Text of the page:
June 4th, city of Pucon, Chile: Trade Ministers Meeting, APEC 2004. Theme: “One Community, Our Future”. One of the heavyweight events marking the logbook of Asia Pacific Economic Cooperation (APEC) ever since its maiden voyage in November, 1989 from Canberra, Australia. Hereunder is a fact sheet assembling the ends and bits concerning this organization into a rough reminder justifying its very existence.
No. 1: What gave rise to APEC? Three key words to note: economic globalization, trade and investment liberalization, regional economic integration. US, Japan, ASEAN and Australia enlisted for varying benefits and concerns. One plus, to provide impetus to the then stalled Uruguay Round of WTO negotiations.
No. 2: What sustained APEC's cohesive power: A. “Bogor Goals, namely, free and open trade and investment in the Asia-Pacific by 2010 for industrialised economies and 2020 for developing economies”. B. Its feature as the only inter governmental grouping in the world operating on the basis of non-binding commitments, open dialogue and equal respect for the views of all participants. That APEC has no treaty obligation required of its members guarantees exactly the basis on which to hold them together.
二. 是什么使APEC保持了其凝聚力？1. “茂物目标，即发达经济体到2010年，发展中经济体到2020年，在亚太地区实现自由开放的贸易和投资。”2. APEC的特点在于，它是世界上唯一一个基于非约束性承诺，公开对话和平等尊重所有成员意见建立的政府间组织。对其成员不存在条约上的约束要求这一事实，恰恰保证了成员间的团结。
No. 3: Membership of APEC. With 21 Member Economies on board, no new entrant will be accepted until 2007, when APEC wraps up its 10-year consolidation process. Standing members include: Australia; Brunei Darussalam; Canada; Chile; People's Republic of China; Hong Kong, China; Indonesia; Japan; Republic of Korea; Malaysia; Mexico; New Zealand; Papua New Guinea; Peru; The Republic of the Philippines; The Russian Federation; Singapore; Chinese Taipei; Thailand; United States of America; Viet Nam.
No. 4: Work focus of APEC. Trade and investment liberalization and facilitation (TILF), and economic and technical cooperation (ECOTECH), which are called the “two wheels” propelling the organization's march in its designated sphere of economic engagement and policy alignment. Count in business facilitation, “two wheels” in turn blossom into “three pillars”.
No. 5: Operational structure of APEC. With Economic Leaders' Meeting (ELM) as the top decision-making body, APEC has under it the Ministerial Meeting and Sectoral Ministerial Meetings. The first involves the participation of both the Minister of Foreign Affairs and the Minister Responsible for Trade, who jointly contribute to the decision-making mechanism. The latter includes the Trade Minister's Meeting as the one held in Chile recently and other Ministerial Meetings in different sectors on a selective basis. More specific work are assigned by the Ministers to the Senior Officials' Meeting (SOM), which, supported by APEC secretariat, steers the operation of four permanent committees and various task forces.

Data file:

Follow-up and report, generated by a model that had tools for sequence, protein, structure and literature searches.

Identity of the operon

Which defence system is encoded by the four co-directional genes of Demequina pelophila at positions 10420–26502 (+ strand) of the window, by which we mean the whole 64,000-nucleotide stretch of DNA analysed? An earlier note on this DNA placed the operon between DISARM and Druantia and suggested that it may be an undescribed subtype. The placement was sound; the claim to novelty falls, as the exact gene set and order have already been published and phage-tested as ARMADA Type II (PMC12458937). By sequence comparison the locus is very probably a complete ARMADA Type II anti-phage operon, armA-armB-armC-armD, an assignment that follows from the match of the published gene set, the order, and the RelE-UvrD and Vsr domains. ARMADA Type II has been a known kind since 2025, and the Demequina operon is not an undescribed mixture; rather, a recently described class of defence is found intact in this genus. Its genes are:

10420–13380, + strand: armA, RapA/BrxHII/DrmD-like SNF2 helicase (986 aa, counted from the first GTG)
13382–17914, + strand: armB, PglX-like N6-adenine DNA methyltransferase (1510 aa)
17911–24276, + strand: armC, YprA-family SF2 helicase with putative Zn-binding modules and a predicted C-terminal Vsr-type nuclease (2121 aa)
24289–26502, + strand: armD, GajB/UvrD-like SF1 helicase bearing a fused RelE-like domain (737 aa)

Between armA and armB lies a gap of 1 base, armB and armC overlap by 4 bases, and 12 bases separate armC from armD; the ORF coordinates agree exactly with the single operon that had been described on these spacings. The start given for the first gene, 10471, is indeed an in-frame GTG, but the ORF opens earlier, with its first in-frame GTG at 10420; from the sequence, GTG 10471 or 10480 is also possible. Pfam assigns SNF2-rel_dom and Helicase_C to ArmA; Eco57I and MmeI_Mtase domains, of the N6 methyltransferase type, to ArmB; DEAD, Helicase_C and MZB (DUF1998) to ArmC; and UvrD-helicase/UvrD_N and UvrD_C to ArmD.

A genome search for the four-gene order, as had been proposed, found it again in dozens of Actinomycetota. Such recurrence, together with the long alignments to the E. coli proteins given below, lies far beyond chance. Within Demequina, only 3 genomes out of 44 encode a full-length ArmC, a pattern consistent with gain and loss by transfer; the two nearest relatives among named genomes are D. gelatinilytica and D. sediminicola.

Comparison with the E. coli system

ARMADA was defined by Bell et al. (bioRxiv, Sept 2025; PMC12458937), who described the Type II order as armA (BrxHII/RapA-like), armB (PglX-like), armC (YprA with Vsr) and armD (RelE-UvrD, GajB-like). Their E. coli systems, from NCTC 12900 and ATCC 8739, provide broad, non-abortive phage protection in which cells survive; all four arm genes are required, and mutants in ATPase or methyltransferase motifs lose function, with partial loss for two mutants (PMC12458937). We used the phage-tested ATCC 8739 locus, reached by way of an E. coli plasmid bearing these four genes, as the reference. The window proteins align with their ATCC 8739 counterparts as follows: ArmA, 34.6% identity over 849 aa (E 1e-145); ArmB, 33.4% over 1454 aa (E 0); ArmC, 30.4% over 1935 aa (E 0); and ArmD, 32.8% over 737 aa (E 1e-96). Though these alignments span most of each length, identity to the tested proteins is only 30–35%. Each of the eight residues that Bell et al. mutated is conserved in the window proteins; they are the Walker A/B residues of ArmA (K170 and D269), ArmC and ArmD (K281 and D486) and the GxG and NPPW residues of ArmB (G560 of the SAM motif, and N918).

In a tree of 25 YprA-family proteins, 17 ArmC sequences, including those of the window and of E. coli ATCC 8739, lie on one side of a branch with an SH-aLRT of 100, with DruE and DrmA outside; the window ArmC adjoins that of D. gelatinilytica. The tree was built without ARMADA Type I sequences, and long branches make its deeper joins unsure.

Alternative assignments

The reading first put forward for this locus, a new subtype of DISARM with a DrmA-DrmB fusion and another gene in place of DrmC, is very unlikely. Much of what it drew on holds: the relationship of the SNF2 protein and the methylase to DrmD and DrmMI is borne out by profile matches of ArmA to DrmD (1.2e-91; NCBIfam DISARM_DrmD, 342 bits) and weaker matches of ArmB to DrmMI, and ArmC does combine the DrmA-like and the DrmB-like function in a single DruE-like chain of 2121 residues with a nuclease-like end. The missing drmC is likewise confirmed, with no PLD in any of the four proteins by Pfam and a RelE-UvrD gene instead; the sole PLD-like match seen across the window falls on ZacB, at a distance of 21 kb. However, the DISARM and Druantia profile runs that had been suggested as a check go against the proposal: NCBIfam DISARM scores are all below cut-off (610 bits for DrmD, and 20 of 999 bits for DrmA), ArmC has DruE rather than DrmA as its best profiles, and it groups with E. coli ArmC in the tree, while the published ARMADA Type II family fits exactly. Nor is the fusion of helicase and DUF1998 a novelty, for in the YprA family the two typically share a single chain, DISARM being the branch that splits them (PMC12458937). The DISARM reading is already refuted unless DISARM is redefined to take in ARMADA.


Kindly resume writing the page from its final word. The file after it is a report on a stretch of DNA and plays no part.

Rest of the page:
No.6: APEC as the “Bridge”. WTO membership and APEC membership overlap in most of its member economies. Meanwhile, around 40 regional trade agreements (RTAs) and free trade agreements (FTAs) have either taken root or entered the pipeline within the Asia Pacific. How best to guide the development of those RTAs and FTAs in such a way as to reinforce the multilateral trade system currently hinging on the fate of the Doha Development Agenda (DDA)? Housing economies involved in both, APEC is the natural intermediary for synergy. Besides, the organization is increasingly positioning itself as a platform through which government meets the business, thus promoting public private partnership across the board.
六. APEC的“桥梁”作用。 其成员经济体中绝大多数也是WTO成员。同时，在亚太地区，已签署的或计划中的地区贸易安排（RTAs）和自由贸易安排（FTAs）就有四十个之多。那么该如何引导这些地区和自由贸易安排的发展，从而为当前取决于多哈发展议程，命运未卜的多边贸易体系添砖加瓦呢？拥有涉足这两方面成员的APEC自然就扮演了一个创造聚合效应的中间人的角色。除此之外，APEC也逐渐将自己定位为一个政府与企业交流的平台，以推动组织内公共私营部门的合作。
No.7: The developed versus the developing, APEC's future. Developing and developed economies advocate differing perspectives into the nature, principle, focus and pace underlying the development of APEC. Should APEC stick to its definition as a regional economic forum or extend into other dimensions? Should it hold to the principle of voluntary participation and consensus through consultation or adopt the practice of “substantial majority” favored by its more prepared developed members? Or should there be some readjustment shifting more fuel to power the running of ECOTECH, from which the developing economies stand to benefit yet on which progress lags far behind its twin brother, TILF? And of course, in which gear should the organization ride alongside the thrust of WTO initiated opening up and integration? For both the developing or the developed, however, change is the call of the day.
No. 8: China and APEC. Figures suffice. In 2003, trade between China and other APEC economies was valued at nearly 600 billion US dollars, accounting for 70 per cent of the country's total foreign trade volume. Nine out of the ten largest trade partners with China, with the exception of EU, are APEC members. And more than 70 per cent of Foreign Direct Investment (FDI) inflows into China during recent years are contributed by other APEC members. In creating an open trade and investment environment in the Asia Pacific region, APEC's role is as much crucial as the full and interactive participation by China, not as a separate entity, but as a member of APEC as well as an emerging giant seeking integration into the global family.
No.9: Pucon, APEC 2004. For this year's Meeting of Ministers Responsible for Trade (MRT), these areas were highlighted. They include: APEC support to the WTO process, trade and security, and free trade agreements (FTAs) and regional trade agreements (RTAs). Once again, this has renewed APEC's policy theme of “A Commitment to Development through Trade and Investment”.